From ‘The Big Chill’ to ‘Fatal Attraction,’ Glenn Close reveals the secrets behind six stellar roles

Glenn Close poses for a portrait at the Public Theater in New York City.
(Michael Nagle / For The Times)

Holding the record for most Oscar acting nominations without a win (at least, among living actors), Glenn Close has given us some incredible performances over the years. Here, she shares what the most challenging aspect of each of those nominated films was.

“The World According to Garp” (1982), Jenny Fields

“Just doing it. That was my first film. I had just done theater, and didn’t know what to do with my energy. The terror was — ” she gestures at her neck “ — up here.”

“The Big Chill” (1983), Sarah


“Dancing. I was the worst dancer, and there’s a big shot of my bum and it looks like I know what I’m doing — but I’m very insecure about dancing. Now? Depends on how much liquor I’m consuming.”

RELATED: With little to say and only subtle moments, Glenn Close finds her power in ‘The Wife’ »

“The Natural” (1984), Iris Gaines

“Biggest challenge was to make that character count. I wanted to fill out that character until she became someone intriguing.”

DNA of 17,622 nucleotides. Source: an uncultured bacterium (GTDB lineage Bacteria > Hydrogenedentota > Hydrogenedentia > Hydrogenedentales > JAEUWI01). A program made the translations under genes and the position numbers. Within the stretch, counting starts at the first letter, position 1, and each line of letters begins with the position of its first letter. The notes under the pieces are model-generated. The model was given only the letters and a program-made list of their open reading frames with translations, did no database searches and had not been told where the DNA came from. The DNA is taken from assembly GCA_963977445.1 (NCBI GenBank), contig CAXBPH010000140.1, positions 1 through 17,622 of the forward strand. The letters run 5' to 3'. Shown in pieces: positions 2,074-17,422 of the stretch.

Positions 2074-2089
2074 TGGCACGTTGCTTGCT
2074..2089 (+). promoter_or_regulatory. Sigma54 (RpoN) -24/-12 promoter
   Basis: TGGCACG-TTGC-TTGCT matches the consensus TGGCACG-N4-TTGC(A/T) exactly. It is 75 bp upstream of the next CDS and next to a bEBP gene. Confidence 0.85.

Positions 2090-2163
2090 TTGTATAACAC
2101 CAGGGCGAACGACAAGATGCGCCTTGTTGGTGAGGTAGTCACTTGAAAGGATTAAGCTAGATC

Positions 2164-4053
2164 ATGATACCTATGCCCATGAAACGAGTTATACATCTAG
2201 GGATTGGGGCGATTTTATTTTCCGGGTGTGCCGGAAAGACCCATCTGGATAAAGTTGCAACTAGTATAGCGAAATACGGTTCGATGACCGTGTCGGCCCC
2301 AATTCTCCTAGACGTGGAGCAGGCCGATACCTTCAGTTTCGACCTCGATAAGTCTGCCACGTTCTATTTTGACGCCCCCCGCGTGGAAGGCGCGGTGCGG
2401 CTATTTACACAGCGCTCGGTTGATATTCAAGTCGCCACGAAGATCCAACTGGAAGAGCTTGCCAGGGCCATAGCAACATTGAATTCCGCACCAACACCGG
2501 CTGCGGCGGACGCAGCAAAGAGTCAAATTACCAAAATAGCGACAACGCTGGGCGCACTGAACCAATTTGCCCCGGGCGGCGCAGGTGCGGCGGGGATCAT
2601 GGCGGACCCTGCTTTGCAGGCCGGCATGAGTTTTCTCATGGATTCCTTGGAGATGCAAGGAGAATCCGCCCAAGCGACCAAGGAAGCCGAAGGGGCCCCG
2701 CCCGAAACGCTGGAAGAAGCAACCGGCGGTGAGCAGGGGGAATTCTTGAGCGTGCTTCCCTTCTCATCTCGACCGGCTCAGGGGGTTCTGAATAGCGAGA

“Fatal Attraction” (1987), Alex Forrest

From left to right, Michael Douglas and Glenn Close on the set of "Fatal Attraction" directed by British Adrian Lyne.
(Sunset Boulevard / Corbis via Getty Images)

“Literally the physical shooting of all those bathtub scenes. I did all of it except — I have this terror of losing my breath — and the only shot in the bathtub that’s not me is when [Michael Douglas’ character] keeps putting her down [under the water]. I told [the stuntwoman] what to do with her legs because I’d talked to my dad, who was a doctor.”

“Dangerous Liaisons” (1988), Marquise de Merteuil

“I had just given birth. That’s why my boobs were so big. [Daughter] Annie was 7 weeks old when we went to Paris. That’s why my eyes are so red. It was the only time I was sent home for not remembering my lines, I was so tired.”

“Albert Nobbs” (2011), Albert Nobbs

“Getting it made. Not one cent came from Hollywood. My definition of an independent film is a movie that almost doesn’t get made. I didn’t want to let it go.”

— Randee Dawn